Exploring The Differences Between ChatGPT/GPT-4 and Traditional Language Models: The Impact of Reinforcement Learning from Human Feedback (RLHF)

GPT-4 has been released, and it is already in the headlines. It is the technology behind the popular ChatGPT developed by OpenAI which can generate textual information and imitate humans in question answering. After the success of GPT 3.5, GPT-4 is the latest milestone in scaling up deep learning and generative Artificial Intelligence. Unlike the previous version, GPT 3.5, which only lets ChatGPT take textual inputs, the latest GPT-4 is multimodal in nature. It accepts text as well as images as input. GPT-4 is a transformer model which has been pretrained to predict the next token. It has been fine-tuned using the concept of reinforcement learning from human and AI feedback and uses public data as well as licensed data from third-party providers. 

Here are a few key points on how models like ChatGPT/GPT-4 differ from traditional language models in his tweet thread. 

The major reason the latest GPT model differs from the traditional ones is the use of the Reinforcement Learning from Human Feedback (RLHF) concept. This technique is used in the training of language models like GPT-4, unlike traditional language models in which the model is trained on a large corpus of text, and the objective is to predict the next word in a sentence or the most likely sequence of words given a description or a prompt. In contrast, reinforcement learning involves training the language model using feedback from human evaluators, which serves as a reward signal that is responsible for evaluating the quality of the produced text. These evaluation methods are similar to BERTscore and BARTscore, and the language model keeps on updating itself to improvise the reward score.

A reward model is basically a language model that has been pre-trained on a large amount of text. It is similar to the base language model used for producing text. Joris has given the example of DeepMind’s Sparrow, a language model trained using RLHF and using three pre-trained 70B Chinchilla models. One of those models is used as the base language model for text generation, while the other two are used as separate reward models for the evaluation process.

In RLHF, the data is collected by asking human annotators to choose the best-produced text given a prompt; these choices are then converted into a scalar preference value, which is used to train the reward model. The reward function combines the evaluation from one or multiple reward models with a policy shift constraint which is designed to minimize the divergence (KL-divergence) between the output distributions from the original policy and the current policy, thus avoiding overfitting. The policy is just the language model that produces text and keeps on getting optimized for producing high-quality text. Proximal Policy Optimization (PPO), which is a reinforcement learning (RL) algorithm, is used to update the parameters of the current policy in RLHF.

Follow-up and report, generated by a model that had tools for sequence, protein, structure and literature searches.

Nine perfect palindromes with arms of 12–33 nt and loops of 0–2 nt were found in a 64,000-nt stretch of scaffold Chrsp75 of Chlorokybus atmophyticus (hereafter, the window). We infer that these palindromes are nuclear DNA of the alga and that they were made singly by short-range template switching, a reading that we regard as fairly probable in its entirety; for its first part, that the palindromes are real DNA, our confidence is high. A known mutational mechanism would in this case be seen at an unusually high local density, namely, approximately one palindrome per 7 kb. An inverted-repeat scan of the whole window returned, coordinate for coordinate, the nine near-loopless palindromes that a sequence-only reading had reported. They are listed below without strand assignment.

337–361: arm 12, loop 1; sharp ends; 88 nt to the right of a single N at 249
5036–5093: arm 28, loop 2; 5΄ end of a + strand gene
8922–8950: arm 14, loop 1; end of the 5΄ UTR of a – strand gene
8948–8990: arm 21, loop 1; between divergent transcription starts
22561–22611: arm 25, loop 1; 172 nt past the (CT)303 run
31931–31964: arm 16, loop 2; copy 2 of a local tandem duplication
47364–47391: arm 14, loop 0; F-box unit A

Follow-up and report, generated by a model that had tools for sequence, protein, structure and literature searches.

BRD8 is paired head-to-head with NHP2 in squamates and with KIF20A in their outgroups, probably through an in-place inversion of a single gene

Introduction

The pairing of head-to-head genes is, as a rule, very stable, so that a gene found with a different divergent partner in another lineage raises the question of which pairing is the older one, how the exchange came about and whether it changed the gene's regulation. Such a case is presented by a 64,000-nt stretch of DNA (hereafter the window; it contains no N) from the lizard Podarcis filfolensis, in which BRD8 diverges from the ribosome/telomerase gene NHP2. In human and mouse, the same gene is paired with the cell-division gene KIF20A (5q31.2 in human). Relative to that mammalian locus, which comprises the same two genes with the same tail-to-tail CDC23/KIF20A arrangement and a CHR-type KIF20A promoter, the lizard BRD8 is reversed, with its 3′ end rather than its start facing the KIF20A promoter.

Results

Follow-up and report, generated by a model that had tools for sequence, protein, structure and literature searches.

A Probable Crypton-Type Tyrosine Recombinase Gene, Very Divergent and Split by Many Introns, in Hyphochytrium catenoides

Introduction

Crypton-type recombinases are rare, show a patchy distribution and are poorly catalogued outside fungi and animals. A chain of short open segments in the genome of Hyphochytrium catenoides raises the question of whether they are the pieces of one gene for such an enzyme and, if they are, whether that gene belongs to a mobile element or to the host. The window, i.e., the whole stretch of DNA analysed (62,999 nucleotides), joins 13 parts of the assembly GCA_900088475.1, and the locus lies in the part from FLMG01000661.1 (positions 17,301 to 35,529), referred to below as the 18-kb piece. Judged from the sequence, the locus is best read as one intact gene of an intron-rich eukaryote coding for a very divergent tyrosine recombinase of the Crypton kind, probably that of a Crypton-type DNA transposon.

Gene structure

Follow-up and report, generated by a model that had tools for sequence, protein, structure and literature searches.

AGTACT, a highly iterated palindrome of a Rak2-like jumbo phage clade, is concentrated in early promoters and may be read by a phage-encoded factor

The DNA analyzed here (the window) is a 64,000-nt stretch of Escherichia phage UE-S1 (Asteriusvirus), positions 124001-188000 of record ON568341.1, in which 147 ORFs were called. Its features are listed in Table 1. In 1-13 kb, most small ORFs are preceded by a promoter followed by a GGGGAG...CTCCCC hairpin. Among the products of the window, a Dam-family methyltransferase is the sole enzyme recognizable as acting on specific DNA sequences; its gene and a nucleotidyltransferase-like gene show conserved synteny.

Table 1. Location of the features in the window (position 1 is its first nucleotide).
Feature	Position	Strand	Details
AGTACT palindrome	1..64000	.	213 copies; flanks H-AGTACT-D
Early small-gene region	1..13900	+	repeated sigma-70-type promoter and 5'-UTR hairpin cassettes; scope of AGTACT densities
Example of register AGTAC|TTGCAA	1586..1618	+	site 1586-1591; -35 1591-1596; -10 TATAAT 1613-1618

Joris Baan has mentioned the potential biases and limitations that may arise from collecting human feedback to train the reward mode. It has been highlighted in the InstructGPT’s paper, the language model that follows human instructions, that human preferences are not universal and can vary depending on the target community. This implies that the data used to train the reward model could impact the model’s behavior, leading to undesired results.

The tweet also mentions that the decoding algorithms appear to play a smaller role in the training process, and ancestral sampling, often with temperature scaling, is the default method. This could indicate that the RLHF algorithm already steers the generator to specific decoding strategies during the training process. 

In conclusion, using human preferences to train the reward model and to guide the text generation process is a key difference between reinforcement learning-based language models such as ChatGPT/GPT-4 and traditional language models. It allows the model to generate text that is more likely to be rated highly by humans, leading to a better and more natural-sounding language.


This article is based on this Tweet thread by Joris Baan. All Credit For This Research Goes To the Researchers on This Project. Also, don’t forget to join our 16k+ ML SubRedditDiscord Channel, and Email Newsletter, where we share the latest AI research news, cool AI projects, and more.

Tanya Malhotra is a final year undergrad from the University of Petroleum & Energy Studies, Dehradun, pursuing BTech in Computer Science Engineering with a specialization in Artificial Intelligence and Machine Learning.
She is a Data Science enthusiast with good analytical and critical thinking, along with an ardent interest in acquiring new skills, leading groups, and managing work in an organized manner.

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